No sector of society is immune from criminal prosecutions. Corporations and professionals often come under investigation for such so-called white collar crimes as antitrust and securities law violations, investment fraud, embezzlement and other employee crimes, tax fraud, federal program fraud (for instance doctors defrauding Medicare and Medicaid), polluting the environment, banking and financial crimes, and computer crimes.
Jon worked in the white collar sector both before, during and after law school. During law school, Jon worked as a law clerk at the nation’s key savings and loan regulator during the crisis in that industry, followed by working as a law clerk and then attorney for a law firm representing financial institutions and transportation clients in regulatory matters and litigation against the federal government and other corporations. Before law school, Jon Katz worked in banking as a financial auditor with Wall Street’s then-named Irving Trust Company handling such projects as reviewing investment activities, reviewing onsite the company’s operations in Japan and Hong Kong, and reviewing for safe and sound banking and accounting practices. Jon also worked in separate summers during college as an assistant at a Chubb Life insurance agency; and as an intern at a major stockbrokerage firm.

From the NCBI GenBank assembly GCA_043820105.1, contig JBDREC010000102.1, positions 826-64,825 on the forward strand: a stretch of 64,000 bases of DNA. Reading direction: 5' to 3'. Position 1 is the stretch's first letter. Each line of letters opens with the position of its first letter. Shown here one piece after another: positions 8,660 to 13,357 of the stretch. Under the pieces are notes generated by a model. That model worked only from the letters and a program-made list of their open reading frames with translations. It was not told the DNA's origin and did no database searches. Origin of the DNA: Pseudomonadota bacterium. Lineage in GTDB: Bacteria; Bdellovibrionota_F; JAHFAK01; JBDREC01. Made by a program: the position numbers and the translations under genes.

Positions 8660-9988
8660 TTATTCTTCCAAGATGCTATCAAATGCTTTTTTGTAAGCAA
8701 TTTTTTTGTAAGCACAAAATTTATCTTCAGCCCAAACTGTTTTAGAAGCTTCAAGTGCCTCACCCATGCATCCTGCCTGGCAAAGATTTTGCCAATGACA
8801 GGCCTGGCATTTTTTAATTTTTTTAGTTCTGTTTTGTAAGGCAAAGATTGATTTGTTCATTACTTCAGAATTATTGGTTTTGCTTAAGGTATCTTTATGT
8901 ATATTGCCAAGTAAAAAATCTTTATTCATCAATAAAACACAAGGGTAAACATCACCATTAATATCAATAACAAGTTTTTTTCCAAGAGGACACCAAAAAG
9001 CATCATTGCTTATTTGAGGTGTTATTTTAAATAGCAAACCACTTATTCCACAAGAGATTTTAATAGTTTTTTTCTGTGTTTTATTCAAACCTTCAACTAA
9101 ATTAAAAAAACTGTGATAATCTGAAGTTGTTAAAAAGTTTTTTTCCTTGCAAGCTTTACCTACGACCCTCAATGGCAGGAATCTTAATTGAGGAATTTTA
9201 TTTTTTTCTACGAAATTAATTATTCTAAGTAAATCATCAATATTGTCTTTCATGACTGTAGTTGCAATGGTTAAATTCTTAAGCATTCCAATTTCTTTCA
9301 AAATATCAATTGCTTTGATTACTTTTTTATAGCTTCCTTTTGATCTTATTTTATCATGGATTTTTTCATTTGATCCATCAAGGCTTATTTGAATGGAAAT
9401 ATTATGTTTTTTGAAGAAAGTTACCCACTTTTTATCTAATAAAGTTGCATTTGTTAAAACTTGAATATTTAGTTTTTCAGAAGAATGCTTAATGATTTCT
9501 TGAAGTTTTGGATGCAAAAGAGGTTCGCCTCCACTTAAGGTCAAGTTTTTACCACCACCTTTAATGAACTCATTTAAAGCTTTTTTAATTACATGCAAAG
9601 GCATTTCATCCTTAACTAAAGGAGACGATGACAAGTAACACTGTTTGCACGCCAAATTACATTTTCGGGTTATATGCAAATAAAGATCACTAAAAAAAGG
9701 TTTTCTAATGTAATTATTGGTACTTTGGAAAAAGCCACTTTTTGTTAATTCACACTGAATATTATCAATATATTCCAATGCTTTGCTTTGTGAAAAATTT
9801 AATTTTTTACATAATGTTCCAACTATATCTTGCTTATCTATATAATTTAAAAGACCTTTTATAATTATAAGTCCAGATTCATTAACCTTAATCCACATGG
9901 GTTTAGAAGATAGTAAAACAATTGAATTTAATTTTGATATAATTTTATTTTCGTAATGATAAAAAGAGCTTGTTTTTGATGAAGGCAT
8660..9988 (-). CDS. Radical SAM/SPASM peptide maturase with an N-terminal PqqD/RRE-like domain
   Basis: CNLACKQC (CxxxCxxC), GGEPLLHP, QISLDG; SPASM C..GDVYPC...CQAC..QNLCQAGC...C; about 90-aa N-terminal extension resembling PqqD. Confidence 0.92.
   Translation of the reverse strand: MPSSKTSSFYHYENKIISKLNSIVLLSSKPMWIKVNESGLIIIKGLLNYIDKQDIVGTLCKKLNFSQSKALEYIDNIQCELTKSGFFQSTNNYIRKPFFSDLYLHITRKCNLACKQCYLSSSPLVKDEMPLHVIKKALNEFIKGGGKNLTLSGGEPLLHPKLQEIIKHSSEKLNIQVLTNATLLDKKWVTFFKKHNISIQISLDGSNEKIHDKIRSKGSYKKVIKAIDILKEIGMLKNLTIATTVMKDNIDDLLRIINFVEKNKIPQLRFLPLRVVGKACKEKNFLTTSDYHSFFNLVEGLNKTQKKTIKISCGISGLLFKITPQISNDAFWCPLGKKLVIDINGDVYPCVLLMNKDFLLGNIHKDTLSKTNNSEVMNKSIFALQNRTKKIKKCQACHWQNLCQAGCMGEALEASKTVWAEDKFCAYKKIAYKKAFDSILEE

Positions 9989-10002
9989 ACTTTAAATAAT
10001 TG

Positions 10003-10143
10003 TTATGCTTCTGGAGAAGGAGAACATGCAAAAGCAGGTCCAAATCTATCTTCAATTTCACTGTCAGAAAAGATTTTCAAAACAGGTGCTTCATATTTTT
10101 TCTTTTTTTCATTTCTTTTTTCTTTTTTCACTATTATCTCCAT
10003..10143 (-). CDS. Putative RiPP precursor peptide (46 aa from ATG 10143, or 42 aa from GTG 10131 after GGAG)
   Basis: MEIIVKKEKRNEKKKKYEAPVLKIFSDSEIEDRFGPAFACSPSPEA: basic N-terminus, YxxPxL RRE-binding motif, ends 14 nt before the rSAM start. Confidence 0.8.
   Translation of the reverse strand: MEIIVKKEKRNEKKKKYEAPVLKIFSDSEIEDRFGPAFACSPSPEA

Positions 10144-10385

Two years out of law school, Jon transitioned to five years as a public defender lawyer serving indigent criminal defendants, because his heart lies in defending the criminally accused and he believes strongly in leveling the litigation playing field for indigent criminal defendants.
Jon believes that corporations, businesses and professionals can and must be socially responsible while working for profits. However, the criminal law over-criminalizes rather than yielding more often to civil rather than criminal litigation efforts to try to resolve alleged white collar trespasses. Jon understands where professionals are coming from when investigated for and accused of crime, has defended against white collar criminal accusations, and will continue doing so.